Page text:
One way this has come to fruition is with the M.Div. curriculum refresh, which was approved by the seminary’s faculty and Board of Directors earlier this year. While several forms of evaluation and information-gathering from across campus went into shaping the new M.Div. curriculum, MDivX heavily influenced the development of a forthcoming two-year M.Div. pathway. This accelerated option, modeled after MDivX, will be one of three programs in the regular M.Div. curriculum. The other two M.Div. options—a traditional pathway and a part-time pathway—launched this semester.
MDivX also emphasized the effectiveness of cohorts in the seminary’s academic programs. “We’ve known at Luther Seminary and in higher education for many years that cohorts work,” Jacobson said. “When we put MDivX together, we tried to incorporate as many of the known high-impact pedagogical practices for higher education as we could. These included internships, cohort education, international travel, and more.”
Innovation from the start
From the beginning, MDivX was an attempt to learn and grow by doing things differently. “The MDivX experiment was born when I tried to imagine what it would look like if we educated M.Div. candidates in the same way that most other professional master’s degree students are educated,” Jacobson said. “Namely, to go year-round in a very tight cohort model with field experience happening throughout rather than in a separate 12-month internship.”
The program would not have been possible without the largest gift in Luther Seminary’s history—$21.4 million. This generous investment from the Buntrock Foundation shouldered the risk the seminary was taking in order to try something new and provided students with full-tuition scholarships and stipends.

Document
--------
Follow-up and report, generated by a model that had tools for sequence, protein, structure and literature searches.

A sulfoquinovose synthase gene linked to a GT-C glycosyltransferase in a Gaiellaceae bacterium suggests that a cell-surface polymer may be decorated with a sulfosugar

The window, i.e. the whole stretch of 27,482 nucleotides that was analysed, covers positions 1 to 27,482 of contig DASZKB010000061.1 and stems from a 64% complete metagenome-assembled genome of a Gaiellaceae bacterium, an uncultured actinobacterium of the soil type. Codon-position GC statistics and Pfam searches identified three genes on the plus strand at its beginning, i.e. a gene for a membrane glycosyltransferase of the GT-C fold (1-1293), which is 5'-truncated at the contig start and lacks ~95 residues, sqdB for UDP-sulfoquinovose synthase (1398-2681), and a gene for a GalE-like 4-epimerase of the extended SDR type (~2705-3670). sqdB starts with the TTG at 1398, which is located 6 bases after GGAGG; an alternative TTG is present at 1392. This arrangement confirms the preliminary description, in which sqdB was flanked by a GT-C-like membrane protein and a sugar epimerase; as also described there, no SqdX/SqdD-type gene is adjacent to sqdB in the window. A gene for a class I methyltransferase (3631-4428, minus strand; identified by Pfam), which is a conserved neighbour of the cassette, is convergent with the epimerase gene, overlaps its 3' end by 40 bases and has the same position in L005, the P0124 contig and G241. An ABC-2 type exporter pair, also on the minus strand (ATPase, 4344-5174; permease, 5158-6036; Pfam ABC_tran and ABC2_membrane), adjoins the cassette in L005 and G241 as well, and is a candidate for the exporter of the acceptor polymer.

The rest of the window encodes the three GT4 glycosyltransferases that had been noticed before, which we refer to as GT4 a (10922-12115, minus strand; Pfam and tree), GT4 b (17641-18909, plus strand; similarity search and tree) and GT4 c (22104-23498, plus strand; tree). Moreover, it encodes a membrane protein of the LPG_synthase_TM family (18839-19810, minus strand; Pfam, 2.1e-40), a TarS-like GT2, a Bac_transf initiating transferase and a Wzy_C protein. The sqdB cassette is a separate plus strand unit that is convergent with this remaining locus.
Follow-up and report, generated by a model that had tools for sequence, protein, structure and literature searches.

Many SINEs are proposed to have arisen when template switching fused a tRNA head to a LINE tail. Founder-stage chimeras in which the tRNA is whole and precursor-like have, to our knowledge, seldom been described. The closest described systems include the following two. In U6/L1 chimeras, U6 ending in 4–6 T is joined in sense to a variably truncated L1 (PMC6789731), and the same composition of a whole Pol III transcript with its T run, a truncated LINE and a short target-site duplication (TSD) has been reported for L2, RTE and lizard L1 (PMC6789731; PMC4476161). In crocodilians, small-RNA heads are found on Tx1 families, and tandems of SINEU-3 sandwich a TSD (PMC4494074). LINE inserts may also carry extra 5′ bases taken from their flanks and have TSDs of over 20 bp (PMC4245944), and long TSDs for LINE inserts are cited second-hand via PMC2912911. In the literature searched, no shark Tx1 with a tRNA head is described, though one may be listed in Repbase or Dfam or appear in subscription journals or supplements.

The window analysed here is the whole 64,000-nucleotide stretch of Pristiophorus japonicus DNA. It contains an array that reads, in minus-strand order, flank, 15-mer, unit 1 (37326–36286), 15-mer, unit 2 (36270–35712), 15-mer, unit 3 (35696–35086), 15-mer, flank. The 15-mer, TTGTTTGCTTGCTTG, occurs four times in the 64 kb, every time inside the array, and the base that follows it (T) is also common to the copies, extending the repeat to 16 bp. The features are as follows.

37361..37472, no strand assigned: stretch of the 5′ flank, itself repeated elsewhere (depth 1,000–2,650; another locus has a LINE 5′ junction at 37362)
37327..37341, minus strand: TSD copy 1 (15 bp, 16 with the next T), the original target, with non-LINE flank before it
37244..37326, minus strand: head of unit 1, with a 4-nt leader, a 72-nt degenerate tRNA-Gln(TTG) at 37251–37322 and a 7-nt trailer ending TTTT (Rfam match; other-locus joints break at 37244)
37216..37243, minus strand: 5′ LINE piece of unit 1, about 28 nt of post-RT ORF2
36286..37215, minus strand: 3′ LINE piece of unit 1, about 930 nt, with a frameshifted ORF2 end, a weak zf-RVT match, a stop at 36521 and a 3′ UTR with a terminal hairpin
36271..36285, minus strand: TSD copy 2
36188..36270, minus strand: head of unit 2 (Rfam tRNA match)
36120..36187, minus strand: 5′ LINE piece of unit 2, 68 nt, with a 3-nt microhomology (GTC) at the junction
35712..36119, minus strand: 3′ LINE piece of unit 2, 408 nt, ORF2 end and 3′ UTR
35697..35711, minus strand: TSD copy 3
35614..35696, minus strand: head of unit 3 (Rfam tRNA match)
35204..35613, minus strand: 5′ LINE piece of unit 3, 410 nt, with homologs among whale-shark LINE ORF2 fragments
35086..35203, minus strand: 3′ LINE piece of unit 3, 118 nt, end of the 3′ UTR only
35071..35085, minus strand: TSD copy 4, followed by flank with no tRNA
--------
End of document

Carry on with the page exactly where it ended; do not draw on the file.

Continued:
After many months of careful planning, the seminary opened enrollment for MDivX in 2018.
“We knew at the onset that this rigorous program was not the right fit for every candidate who would apply,” said Jody Nyenhuis, senior manager of academic achievement and associate director of MDivX.
The application process included a very detailed interview to help students feel confident they were making the right decision.
“Because of the intense nature of the program, we knew that students needed to be physically, emotionally, and spiritually healthy,” Jacobson said.
The first cohort—27 students—began classes in June 2019. From the start, they were supported by an interdepartmental guiding team of faculty and staff members who regularly met to discuss the new program and ensure that everything ran smoothly. Nyenhuis served as a liaison between the students and this guiding team, offering ongoing support that proved to be especially important as education shifted during the COVID-19 pandemic.
“I do think the only way for innovation to really work is through cross-departmental collaboration like we did here with the guiding team,” Nyenhuis said. “We really tried to adjust as we were going along, listening to the students in an experimental nature. We tried to be nimble enough to change, and that is a hard thing for an institution to do. But that’s what we set out to do.”
The program went on to enroll 26 students in 2020 for the second cohort. In 2021, the third and final cohort began with 32 students. As that last cohort was still finishing the program, seminary leadership had already begun to follow up with graduates from the first two cohorts.
“I’m really grateful that I get to know the 80-plus pastors who are out there in their own unique settings, doing the work of the gospel,” Nyenhuis said. “When I see them, there’s just a deep gratitude and deep knowing that they’ve been given something very unique, and that is going to empower them, I believe, to minister well and give generously to others because they were generously given to.”
Ready for a change
When Emily Dalen ’22 M.Div. first learned about MDivX, she was eager to try something new. After working in faith formation at churches for about 20 years, Dalen felt that God was calling her to use those skills in a different way. She desired to advocate for these ministries with a different voice. MDivX turned out to be just what she needed.